UK fracking potential is possibly lower than current estimates, new study suggests

New research from the University of Nottingham’s Faculty of Engineering and the British Geological Survey (BGS) has determined the capacity of UK shale resources is potentially lower than previously thought.   
The previous estimate from 2013 suggests that UK shale could potentially provide up to 50 years’ worth of current gas demand. However, the new research has found that there is significantly lower available resource, corresponding to less than 10 years’ supply at current demand.
With no published production data for the UK or detailed characterisation of the Bowland shale, the initial 2013 estimates were based on a desk top study, using data from USA shales, estimating the shale gas resource as opposed to the actual reserve. This meant key differences in the composition of the shales in the UK compared to the USA could not be taken into account at the time. The new estimates are derived from actual UK shales, using gas generation absorption data, which is further supported by field data.
The study “Shale gas reserve evaluation by laboratory pyrolysis and gas holding capacity consistent with field data” has been published in one of the most highly regarded scientific journals, Nature Communications.
The development of this technique stems from a research project that began more than 10 years ago at the University of Nottingham, and the application of the technique in shale gas resource evaluation started 5 years ago in a study by the University of Nottingham and BGS into shale gas generation at the Centre for Environmental Geochemistry. This led to the development of a new high pressure water technique that simulates oil and gas generation in shale gas reservoirs. The facilities and expertise at the University of Nottingham and Centre for Environmental Geochemistry at BGS allowed the technique to be developed further and applied to shale gas over a three year research fellowship alongside and a four year PhD study funded by BGS which culminated in the discovery of being able to measure and estimate shale resource.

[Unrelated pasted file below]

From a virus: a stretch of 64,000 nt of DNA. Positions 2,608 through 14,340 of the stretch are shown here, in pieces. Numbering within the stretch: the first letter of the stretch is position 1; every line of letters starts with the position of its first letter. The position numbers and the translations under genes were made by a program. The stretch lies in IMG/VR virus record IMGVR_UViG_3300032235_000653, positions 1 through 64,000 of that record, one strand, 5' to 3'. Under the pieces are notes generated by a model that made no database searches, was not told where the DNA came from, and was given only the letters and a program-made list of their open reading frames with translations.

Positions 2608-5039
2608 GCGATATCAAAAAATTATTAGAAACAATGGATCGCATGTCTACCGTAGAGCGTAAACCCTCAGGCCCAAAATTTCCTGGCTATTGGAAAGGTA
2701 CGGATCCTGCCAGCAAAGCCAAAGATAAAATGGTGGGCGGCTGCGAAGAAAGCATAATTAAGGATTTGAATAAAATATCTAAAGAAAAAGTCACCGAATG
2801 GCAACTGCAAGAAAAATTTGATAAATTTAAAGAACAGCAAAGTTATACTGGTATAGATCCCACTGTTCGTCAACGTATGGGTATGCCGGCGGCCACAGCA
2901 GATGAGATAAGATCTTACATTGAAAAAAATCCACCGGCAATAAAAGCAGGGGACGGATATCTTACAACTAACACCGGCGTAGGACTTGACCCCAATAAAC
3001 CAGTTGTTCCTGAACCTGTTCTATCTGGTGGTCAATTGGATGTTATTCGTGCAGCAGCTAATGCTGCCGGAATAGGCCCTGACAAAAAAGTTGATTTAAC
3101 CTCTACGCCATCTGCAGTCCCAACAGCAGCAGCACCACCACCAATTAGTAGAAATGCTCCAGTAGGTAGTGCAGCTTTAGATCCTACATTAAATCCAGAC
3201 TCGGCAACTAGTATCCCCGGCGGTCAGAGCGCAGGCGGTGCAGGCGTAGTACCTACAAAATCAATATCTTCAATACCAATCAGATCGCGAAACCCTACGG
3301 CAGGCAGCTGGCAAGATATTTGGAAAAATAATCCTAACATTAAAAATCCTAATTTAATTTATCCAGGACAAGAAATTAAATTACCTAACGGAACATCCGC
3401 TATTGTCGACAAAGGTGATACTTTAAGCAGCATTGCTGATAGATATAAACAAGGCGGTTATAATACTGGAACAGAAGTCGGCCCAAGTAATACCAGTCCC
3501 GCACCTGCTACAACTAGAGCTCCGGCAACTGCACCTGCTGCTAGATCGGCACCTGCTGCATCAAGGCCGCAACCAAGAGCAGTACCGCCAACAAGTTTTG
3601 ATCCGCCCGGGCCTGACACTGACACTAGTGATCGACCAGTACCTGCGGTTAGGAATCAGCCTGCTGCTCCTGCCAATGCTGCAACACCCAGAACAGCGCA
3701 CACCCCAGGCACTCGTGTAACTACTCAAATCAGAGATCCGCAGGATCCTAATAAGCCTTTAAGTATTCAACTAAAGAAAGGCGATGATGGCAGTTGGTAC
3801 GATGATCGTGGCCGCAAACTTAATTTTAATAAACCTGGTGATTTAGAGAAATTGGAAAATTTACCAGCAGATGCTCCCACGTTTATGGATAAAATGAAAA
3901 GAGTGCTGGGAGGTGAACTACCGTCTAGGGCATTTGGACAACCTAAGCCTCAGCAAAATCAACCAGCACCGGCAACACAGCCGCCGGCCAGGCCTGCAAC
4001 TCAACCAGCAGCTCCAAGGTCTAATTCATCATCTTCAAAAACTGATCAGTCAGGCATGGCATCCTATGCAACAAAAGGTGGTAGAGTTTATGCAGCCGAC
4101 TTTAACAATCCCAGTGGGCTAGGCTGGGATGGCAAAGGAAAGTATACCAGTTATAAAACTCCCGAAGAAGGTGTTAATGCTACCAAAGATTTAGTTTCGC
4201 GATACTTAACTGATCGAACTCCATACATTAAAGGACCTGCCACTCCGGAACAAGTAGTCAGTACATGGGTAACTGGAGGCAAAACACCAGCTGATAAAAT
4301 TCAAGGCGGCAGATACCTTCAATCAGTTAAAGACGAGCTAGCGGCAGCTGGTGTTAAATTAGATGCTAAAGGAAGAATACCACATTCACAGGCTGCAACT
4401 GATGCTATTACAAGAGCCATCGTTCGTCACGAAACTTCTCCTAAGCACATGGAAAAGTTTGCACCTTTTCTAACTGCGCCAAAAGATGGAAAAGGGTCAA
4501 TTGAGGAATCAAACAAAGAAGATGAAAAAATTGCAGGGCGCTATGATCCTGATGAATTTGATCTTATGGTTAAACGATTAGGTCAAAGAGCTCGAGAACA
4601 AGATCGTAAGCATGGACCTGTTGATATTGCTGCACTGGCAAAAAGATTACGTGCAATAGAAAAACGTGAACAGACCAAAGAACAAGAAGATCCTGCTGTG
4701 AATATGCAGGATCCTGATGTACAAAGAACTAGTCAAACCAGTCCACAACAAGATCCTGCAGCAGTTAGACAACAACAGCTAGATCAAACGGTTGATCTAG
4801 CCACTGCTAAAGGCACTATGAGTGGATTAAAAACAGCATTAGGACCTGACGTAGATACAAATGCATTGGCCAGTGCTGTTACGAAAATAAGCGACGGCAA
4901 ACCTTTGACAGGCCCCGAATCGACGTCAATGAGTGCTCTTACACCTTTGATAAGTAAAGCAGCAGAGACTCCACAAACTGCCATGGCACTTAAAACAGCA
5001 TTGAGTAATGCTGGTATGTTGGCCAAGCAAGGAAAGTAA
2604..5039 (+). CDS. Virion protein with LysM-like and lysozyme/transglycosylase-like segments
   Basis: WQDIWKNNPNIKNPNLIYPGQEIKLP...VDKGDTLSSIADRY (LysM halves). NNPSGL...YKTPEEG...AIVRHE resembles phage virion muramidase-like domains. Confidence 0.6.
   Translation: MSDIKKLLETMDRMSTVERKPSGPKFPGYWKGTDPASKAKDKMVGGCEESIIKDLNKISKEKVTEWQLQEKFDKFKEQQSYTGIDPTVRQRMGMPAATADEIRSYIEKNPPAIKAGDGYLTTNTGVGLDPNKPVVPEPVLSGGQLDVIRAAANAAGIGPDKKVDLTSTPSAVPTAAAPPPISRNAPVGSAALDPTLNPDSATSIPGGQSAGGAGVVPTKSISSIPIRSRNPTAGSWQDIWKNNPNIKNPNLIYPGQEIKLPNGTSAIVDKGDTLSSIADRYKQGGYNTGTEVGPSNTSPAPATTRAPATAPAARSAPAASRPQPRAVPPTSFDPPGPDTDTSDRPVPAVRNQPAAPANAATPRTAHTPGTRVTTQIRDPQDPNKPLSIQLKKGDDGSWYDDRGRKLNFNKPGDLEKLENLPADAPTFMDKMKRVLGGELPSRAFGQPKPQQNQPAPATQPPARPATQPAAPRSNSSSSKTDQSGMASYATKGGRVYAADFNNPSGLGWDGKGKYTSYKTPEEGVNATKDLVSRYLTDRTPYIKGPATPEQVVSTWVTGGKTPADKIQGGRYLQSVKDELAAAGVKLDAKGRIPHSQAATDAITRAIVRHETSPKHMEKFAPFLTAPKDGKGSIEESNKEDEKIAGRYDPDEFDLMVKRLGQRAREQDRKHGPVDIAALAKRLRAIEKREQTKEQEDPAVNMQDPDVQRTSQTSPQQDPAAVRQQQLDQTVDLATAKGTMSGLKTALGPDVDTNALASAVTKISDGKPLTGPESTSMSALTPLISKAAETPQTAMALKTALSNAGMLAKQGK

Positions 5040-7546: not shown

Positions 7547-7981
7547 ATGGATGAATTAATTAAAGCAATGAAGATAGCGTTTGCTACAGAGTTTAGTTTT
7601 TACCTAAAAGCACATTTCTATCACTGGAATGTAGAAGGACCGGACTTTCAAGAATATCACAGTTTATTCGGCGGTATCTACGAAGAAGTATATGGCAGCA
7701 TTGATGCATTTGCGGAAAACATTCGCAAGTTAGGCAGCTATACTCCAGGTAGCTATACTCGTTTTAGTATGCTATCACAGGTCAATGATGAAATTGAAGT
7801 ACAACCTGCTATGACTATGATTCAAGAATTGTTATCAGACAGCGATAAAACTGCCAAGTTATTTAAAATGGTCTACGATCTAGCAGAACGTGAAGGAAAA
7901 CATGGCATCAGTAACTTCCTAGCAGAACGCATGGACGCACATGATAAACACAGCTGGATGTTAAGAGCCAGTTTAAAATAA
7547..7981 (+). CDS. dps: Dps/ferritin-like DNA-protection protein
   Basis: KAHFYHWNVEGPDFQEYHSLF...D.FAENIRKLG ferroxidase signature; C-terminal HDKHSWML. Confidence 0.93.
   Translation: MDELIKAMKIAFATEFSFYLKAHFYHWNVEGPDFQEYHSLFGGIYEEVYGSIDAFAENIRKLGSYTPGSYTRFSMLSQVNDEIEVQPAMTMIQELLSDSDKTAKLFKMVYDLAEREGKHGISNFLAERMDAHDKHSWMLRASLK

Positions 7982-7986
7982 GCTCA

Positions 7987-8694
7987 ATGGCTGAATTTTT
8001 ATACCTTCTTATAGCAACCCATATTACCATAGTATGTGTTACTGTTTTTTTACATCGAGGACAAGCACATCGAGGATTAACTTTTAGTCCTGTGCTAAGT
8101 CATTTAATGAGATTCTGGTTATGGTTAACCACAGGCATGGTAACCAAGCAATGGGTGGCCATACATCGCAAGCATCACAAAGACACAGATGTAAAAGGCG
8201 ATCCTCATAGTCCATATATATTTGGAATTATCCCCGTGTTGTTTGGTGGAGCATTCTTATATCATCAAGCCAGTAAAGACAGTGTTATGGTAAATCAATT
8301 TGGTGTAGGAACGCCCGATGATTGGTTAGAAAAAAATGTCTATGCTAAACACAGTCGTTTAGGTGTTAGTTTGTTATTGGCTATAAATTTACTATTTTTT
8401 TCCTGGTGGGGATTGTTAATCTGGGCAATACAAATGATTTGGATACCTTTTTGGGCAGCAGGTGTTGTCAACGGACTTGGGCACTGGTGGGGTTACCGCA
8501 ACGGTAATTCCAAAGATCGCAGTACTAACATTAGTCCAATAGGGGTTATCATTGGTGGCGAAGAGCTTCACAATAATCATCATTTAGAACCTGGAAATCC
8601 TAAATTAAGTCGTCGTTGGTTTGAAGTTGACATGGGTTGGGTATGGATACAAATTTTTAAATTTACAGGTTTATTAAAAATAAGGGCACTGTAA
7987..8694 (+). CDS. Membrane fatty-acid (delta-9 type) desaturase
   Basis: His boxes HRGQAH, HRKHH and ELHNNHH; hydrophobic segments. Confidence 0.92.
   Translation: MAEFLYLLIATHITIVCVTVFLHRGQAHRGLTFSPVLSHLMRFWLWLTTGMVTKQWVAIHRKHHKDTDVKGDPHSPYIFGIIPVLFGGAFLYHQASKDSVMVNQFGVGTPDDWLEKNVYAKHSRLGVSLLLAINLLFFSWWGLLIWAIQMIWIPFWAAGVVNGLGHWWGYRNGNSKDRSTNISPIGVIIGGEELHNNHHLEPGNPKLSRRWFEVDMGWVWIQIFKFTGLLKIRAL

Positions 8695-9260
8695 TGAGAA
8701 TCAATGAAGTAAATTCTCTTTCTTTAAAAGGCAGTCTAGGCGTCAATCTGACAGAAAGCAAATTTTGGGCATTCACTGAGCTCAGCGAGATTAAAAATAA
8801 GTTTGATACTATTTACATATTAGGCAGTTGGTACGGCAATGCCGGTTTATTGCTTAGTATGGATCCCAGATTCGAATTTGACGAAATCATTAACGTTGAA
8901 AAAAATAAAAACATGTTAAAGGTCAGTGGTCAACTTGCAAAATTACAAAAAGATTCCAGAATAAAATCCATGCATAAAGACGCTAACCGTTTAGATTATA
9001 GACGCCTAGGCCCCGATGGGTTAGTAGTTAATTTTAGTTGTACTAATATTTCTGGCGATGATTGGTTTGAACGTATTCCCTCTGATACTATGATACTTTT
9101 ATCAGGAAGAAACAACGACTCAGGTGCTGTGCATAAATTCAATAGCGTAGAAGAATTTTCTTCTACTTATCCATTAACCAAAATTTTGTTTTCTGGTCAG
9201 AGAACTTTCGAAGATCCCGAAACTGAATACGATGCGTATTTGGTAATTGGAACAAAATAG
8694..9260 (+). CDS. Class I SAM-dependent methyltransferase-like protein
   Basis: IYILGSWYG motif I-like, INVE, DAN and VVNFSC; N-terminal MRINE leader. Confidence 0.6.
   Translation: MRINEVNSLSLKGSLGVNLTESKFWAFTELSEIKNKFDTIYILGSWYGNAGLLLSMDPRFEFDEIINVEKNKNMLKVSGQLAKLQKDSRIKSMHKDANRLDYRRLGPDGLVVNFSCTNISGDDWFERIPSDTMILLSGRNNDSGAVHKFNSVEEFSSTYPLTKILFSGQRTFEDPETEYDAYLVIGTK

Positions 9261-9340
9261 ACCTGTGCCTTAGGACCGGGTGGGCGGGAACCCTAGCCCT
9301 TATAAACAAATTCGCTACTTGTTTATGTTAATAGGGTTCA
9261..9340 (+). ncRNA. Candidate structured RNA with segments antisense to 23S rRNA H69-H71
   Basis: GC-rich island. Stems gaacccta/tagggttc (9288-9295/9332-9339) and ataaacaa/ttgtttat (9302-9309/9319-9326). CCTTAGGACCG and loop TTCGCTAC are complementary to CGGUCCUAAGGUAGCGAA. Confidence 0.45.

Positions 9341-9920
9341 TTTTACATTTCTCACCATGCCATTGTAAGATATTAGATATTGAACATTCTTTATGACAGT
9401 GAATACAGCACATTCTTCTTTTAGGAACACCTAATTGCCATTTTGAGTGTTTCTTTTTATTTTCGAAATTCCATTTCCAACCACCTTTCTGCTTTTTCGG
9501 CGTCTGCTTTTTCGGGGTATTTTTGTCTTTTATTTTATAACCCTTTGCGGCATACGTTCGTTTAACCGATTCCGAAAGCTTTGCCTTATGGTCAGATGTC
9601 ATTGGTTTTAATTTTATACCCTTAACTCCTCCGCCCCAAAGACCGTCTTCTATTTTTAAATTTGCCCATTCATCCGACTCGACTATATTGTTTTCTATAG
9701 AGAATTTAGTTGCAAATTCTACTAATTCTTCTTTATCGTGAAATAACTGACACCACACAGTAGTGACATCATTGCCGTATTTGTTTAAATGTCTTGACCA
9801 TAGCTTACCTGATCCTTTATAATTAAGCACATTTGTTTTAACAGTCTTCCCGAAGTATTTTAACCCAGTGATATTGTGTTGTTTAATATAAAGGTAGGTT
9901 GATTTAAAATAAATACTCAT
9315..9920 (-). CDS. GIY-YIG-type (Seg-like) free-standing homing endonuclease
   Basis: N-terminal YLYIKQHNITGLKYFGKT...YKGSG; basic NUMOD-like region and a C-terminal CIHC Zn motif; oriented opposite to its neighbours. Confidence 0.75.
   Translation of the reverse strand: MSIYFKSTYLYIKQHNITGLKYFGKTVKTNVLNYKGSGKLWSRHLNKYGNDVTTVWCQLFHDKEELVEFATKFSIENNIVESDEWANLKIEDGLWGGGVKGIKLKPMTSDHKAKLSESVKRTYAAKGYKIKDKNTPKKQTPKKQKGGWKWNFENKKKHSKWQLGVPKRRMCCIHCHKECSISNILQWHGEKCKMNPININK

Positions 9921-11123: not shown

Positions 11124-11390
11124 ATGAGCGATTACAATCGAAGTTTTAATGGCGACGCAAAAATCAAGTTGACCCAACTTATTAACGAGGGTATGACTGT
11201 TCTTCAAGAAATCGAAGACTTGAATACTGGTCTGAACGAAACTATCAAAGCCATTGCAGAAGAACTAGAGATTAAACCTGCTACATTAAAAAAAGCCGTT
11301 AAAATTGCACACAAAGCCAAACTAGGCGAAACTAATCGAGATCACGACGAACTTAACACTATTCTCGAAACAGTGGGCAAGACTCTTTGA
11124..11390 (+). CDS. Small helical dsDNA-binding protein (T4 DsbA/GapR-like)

Dr Christopher Vane, Head of Organic Geochemistry at the British Geological Survey said:
“This cutting edge science shows that shales within the Bowland Formation could potentially contain less recoverable gas than previously thought, confirming that the UK’s geology needs to be carefully managed and demonstrating the strategic value of UK core and accompanying organic geochemical information.”
Scientists from Heriot-Watt University have welcomed the findings of research released by Nottingham University and the British Geological Survey which suggests UK shale reserves are significantly smaller than originally estimated.
Professor John Underhill, the academic who first challenged shale reserve estimates in 2017, said: “This research is an important next step in the discussion around the UK’s reliance on shale gas extraction as a solution to our current energy crisis. In 2017, our research revealed that the UK’s geology is unlikely to be suitable for hydraulic fracturing because the uplift and faulted structure of the basins are detrimental to its ultimate recovery.
“Since we first released our findings and warned about the impact that geological structure has on shale gas reserves, we have conducted a further two years of detailed subsurface research which have only served to underline the geological challenges faced are far greater than estimated.
“While the US shale areas, like the Marcellus, Bakken, Barnett, Wolfcamp and Haynesville plays all lie at present day depths, temperatures and pressures that mean they are ready to expel their oil and gas when fracked, the UK’s geology is different.
“The seismic data and geological map of the UK shows that a significant uplift, tilt and faulting affects the UK, which was initiated by active plate margin forces over 55 million years ago. Areas that were once buried sufficiently deeply with temperatures at which oil and gas maturation occurs, lifted to levels where they are no longer actively generating petroleum. The resultant uplift has also led to the shale gas targets being depressured and highly deformed by folds and faults that cause the shales to be offset and broken up into compartments. This has created pathways that have allowed some of the oil and gas to escape.”